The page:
A secret al-Qaeda document discovered at Osama bin Laden's hideout in Pakistan sets out a strategy for attacking economically important targets including "pipelines, internet cables and tankers".
The document, written by the al-Qaeda planner Younis al-Mauretani, suggests planting recruits in jobs that later could be useful in attacks, such as oil or gas transportation, and directing supporters to study chemistry and physics.
The US Department of Justice passed the letter to German prosecutors last year for use in a trial in Dusseldorf, according to the German newspaper Die Zeit.
Three FBI agents were in court in Dusseldorf on Wednesday to give evidence about the authenticity of the letter. Three defendants in the case are accused of plotting a bomb attack in Germany under the direction of al-Qaeda.
A Moroccan recruit mentioned in the letter has the same date of birth as one of the defendants in the Dusseldorf case.
The plan, which was sent to bin Laden in March 2010, proposes attacks against large tunnels and bridges, dams and financial centres. It also suggests attacking think tanks, and names the Rand Corporation, a US government-funded research institute in California. The Love Parade, a dance music festival in Germany, is another proposed target.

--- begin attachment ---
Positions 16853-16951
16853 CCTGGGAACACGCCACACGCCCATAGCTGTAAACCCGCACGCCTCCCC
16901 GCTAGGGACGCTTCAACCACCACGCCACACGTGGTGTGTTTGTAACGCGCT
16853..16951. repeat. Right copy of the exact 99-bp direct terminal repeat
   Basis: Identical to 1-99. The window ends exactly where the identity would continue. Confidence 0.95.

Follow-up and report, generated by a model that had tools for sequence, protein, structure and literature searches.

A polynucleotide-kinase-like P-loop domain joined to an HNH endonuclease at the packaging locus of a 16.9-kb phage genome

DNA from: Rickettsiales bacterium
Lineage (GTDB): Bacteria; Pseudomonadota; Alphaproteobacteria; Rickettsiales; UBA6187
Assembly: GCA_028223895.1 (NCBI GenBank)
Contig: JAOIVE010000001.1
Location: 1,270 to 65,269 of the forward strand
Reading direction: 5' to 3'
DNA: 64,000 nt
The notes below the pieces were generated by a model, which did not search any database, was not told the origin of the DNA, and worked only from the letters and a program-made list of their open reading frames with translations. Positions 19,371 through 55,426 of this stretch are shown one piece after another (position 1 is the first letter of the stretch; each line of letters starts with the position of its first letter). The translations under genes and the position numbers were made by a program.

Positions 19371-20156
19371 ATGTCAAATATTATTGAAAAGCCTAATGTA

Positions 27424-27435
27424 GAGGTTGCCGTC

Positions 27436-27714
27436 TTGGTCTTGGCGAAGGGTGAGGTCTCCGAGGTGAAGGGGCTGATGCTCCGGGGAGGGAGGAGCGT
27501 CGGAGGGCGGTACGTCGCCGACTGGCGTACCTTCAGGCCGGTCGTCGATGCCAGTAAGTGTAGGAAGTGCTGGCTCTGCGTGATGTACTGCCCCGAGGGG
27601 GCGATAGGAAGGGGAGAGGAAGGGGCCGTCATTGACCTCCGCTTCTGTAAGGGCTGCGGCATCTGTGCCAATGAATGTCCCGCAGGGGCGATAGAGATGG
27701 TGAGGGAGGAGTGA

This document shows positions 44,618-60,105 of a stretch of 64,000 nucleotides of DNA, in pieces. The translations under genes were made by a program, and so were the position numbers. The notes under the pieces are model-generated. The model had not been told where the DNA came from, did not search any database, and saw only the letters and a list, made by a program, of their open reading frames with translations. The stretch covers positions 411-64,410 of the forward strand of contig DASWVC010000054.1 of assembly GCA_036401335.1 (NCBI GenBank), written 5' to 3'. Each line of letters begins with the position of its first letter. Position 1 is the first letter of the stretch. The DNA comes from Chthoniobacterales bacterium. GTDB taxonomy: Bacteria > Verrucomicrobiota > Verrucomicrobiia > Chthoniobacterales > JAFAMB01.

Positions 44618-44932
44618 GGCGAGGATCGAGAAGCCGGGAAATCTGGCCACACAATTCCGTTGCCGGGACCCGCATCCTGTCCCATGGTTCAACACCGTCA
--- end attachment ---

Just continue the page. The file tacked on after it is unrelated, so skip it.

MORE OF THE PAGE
The letter says that al-Qaeda should continue using aircraft, but that its pilots should fly regularly with airlines before carrying out an attack. The co-pilot could be drugged with sleeping pills before an operation, the letter suggests.
The 17-page document includes a suggestion that al-Qaeda should use submarines to explore the layout of underwater gas pipelines, in order to mine them. This idea is given serious consideration in the document which notes that the pipelines have safety valves every six miles that need to be taken into account when planting mines.
Pakistan's army announced in 2011 that it had captured al-Mauretani in the south-western city of Quetta.
Yassin Musharbash, an investigative reporter with Die Zeit, said there were no explicit references to Britain in the document. Defence lawyers in the Dusseldorf trial say they have "fundamental doubts" about the veracity of the document, according to the newspaper.